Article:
The archdiocesan Commission on Racial Healing is mapping the road to unity through the “step-by-step” creation of “encounter and dialogue,” said Archbishop Nelson Pérez.

The archbishop met with several members of the recently formed group during its June 26 retreat at St. Charles Borromeo Seminary in Wynnewood. The session marked the commission’s first in-person gathering after months of online meetings due to COVID restrictions.

Auxiliary Bishop John McIntyre, whom the archbishop had tasked with forming the commission in January, celebrated an opening Mass for the occasion – a fitting and fundamental start to both the retreat and the overall work of the commission, said member and presenter Father Stephen Thorne.


“That is the beginning of racial healing: the Eucharist,” said Father Thorne, a longtime pastor in predominantly Black Catholic parishes and a specialist in urban education.

Archbishop Pérez joined the retreat immediately after celebrating an annual liturgy in honor of Venerable Augustus Tolton, the first recognized African-American priest. Born into slavery, Tolton and his family escaped to Illinois, only to face further exclusion at the hands of fellow Catholics. Having discerned a call to the priesthood, he traveled to Rome for his formation, since no U.S. seminary would accept him due to the color of his skin.

“Learn from Father Tolton,” said the archbishop. “In the midst of great rejection and pain, he remained steadfast in the love that was in his heart.”

The church itself “actually has a lot of experience” in confronting “racial and cultural tension,” he said. “Go read the first few chapters of Acts of the Apostles.”

Early divisions among Jewish and Hellenistic believers in Christ, such as those described in Acts 6:1-7, demonstrate “what we’re going through today was talked about then,” said the archbishop.

He noted the first council of the church – that of Jerusalem, convened around the year A.D. 50  – “was actually (about) … diversity, racial tension and theological issues.”

Recent disagreements among U.S. bishops, which have received significant media attention, are no surprise, he added.

The church has always experienced internal conflicts “because it (consists) of human beings,” said Archbishop Pérez, advising commission members to “go and read” how proponents of the fourth-century Arian heresy – which denied the divinity of Christ – “argued (against) the church on trying to figure out who Jesus was.”


At the same time, he said, the church can show society how to overcome discord by promoting dialogue and encounter. The commission itself is meant to serve as an example of that process.

“If you can’t do it among yourselves … and reflect on your own stories, and if you can’t model it for us and for the rest of the church, then don’t expect a lot of great things,” said the archbishop. “Because what we’re doing here today is exactly the foundation of what needs to happen.”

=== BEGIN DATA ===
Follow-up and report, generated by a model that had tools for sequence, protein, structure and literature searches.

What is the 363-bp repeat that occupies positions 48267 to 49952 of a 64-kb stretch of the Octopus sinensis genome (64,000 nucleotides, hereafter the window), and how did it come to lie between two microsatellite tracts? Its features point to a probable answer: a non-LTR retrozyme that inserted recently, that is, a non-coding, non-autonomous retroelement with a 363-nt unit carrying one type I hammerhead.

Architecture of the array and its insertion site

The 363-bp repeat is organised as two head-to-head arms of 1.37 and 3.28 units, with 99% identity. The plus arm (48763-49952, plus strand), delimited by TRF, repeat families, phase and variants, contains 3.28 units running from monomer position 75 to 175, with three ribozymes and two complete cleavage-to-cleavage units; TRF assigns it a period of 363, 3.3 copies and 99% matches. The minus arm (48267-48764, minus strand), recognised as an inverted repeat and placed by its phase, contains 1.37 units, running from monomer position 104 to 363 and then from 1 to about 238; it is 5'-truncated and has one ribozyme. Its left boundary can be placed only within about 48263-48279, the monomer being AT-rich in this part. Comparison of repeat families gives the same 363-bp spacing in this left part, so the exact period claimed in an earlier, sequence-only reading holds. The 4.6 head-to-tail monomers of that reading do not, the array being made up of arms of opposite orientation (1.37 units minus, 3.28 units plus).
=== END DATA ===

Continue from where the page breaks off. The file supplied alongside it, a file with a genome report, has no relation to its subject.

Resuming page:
The commission members themselves, drawn from Black, Latino, White and Asian communities, “live the reality of race,” he said.

However, he stressed that the group must also “figure out … who’s not at the table” but “needs to be called” to collaborate with its mission.

Rather than developing “programs and strategic plans,” the commission must focus on sparking deep transformation, said the archbishop.

“I’m asking you the change the culture of the church in Philadelphia,” he said.

The commission’s work will be ongoing over the coming years, said Archbishop Pérez – just as the evil of racism itself has been persistent and perennial.

Referencing widespread protests against racial injustice over the past several months, he stressed the formation of the commission “was not about last summer.”

“(Racism) has been around” for centuries, he said. “Last summer was just one more page of a long book.”

He pointed to commission member Gerald Davis’s numerous experiences of racism – some life-threatening – during his career as a Marine and a corporate executive.

While commission members “are being called to reflect on racial hurt,” said the archbishop, “you don’t deal with hurt by focusing on hurt … (but) by opening up for healing.”

As part of that task, he urged members to “allow themselves to be guided and inspired” by the holy Spirit.

Commission member James Andrews, director of the archdiocesan Office for Black Catholics, said he “can see good things are going to happen” as a result of the new effort.

“It’s going to take time, but I can see that we’re beginning to take the first few steps,” he said.

Simply bringing faithful from diverse backgrounds into the same room is a start, said Father Thorne.

“Just to have people say, ‘I didn’t know you were baptized at the same parish I was,’ or ‘We grew up in the same neighborhood, but I never knew you’ – those kind of connections are a model of how the church helps us realize we have more in common than we think,” he said. “And the more we do that, the more we’re going to realize this is one big family.”

Members of the archdiocesan Commission on Racial Healing are seen with Archbishop Nelson Pérez during a June 26 retreat at St. Charles Borromeo Seminary in Wynnewood. Gina Christian)